BA strike ballot: Company challenges Electoral Reform Society

In yet another twist to the ongoing dispute between Unite the Union and British Airways, the company have resorted to a legal challenge to the the Electoral Reform Society, who conduct Unite’s industrial action ballots – which has resulted in Unite having to organise a fresh industrial action ballot.

In a statement issued today Unite General Secretary Len McCluskey said: “British Airways cabin crew voted last month overwhelmingly, and for the third time, to take industrial action against their employer on a number of issues relating to the company’s conduct of industrial relations.

“It was further proof, if proof were needed, of the fact that management at this blue chip British company has completely lost the trust of thousands of their key staff – loyal, professional and customer-facing.  In announcing the ballot result, Unite immediately appealed to management to meet the union for negotiations to resolve the outstanding issues which could have avoided any further disruption to the airline’s operations.

“Since then, Unite has not heard a word from the company.  There has not been the slightest flicker of interest from BA in holding talks to address the concerns of their own employees.

“Instead, BA has launched a legal blitz against the independent scrutineer used to conduct this ballot, the Electoral Reform Society.  This doubtless reflects BA’s decision to place its chief legal officer in charge of employee relations. While not addressing the union directly, BA advised the ERS that the ballot was unlawful and that any industrial action taken on the basis of it would be unprotected.  This is merely an assertion by BA – however, the ERS decided, on the basis of protecting its own legal position, to issue a qualification in its official report on the industrial action ballot.  Unite therefore cannot call industrial action based on this ballot, since such a move would expose our members to sanctions by a bullying employer.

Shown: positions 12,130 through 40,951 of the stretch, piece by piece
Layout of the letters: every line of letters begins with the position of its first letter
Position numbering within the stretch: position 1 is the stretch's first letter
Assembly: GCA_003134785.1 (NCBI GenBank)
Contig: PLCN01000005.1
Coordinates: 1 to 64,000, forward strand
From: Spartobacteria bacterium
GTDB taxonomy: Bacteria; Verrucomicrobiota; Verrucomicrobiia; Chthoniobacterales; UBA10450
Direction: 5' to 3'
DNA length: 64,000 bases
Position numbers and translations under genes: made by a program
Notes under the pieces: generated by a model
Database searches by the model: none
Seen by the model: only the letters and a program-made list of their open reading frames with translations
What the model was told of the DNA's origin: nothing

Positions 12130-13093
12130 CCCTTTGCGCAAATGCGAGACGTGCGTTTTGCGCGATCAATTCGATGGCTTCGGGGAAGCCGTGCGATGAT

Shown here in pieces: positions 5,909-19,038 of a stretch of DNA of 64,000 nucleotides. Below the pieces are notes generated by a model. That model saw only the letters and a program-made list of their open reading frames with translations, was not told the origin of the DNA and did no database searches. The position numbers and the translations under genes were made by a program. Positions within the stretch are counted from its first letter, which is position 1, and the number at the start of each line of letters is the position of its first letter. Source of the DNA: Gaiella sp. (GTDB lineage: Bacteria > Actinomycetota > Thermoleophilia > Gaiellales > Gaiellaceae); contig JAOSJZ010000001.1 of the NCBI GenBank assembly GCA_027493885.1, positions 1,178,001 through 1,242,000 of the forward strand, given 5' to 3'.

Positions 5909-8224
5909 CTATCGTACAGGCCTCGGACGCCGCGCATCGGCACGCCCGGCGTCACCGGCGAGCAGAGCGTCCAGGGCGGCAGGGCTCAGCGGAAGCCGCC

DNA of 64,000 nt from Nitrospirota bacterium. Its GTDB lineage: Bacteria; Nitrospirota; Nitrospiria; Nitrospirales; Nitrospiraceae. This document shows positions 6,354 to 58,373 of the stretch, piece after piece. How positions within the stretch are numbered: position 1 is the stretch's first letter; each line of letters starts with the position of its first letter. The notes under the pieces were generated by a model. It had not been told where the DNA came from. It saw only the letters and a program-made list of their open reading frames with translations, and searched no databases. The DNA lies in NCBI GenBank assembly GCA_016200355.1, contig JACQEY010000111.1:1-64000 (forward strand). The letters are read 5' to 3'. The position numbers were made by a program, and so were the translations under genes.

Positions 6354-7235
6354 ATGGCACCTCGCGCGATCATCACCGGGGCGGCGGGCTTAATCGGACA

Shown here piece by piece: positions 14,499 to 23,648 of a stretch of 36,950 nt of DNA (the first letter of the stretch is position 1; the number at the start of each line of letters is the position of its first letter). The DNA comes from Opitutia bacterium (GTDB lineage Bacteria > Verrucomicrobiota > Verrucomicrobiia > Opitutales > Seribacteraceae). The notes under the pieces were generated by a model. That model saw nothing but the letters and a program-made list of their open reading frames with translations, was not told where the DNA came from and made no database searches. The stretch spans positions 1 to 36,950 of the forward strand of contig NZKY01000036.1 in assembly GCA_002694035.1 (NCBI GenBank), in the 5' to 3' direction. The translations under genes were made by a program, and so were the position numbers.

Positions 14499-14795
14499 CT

“However, if BA management believes that it can secure industrial harmony by these methods it is living in a fools’ paradise.  Only negotiation, not litigation or intimidation, can place industrial relations on a sound footing and start to heal the wounds caused by this dispute.

“BA cabin crew have repeatedly shown that they will not be browbeaten by bullying and legal intimidation.  Unite is therefore immediately setting in hand preparations for a further industrial action ballot on the issues arising from management’s breach of agreements and policies of industrial intimidation, including amongst others the withdrawal of staff travel concessions, unjustified and draconian disciplinary sanctions against representatives and other members, the employment of strike-breaking cabin crew on different terms and conditions, the introduction of a new “mixed fleet” of crew again on different terms, and the intention to degrade union representation arrangements among cabin crew.

“Failing a willingness by BA management to take its employment relations seriously and start negotiating, we would anticipate giving the company formal notice of this fresh ballot within the next ten days or so.  BA management needs to understand that it will never break the spirit of cabin crew, and that customer uncertainty and confusion will continue until it starts listening to its staff.”

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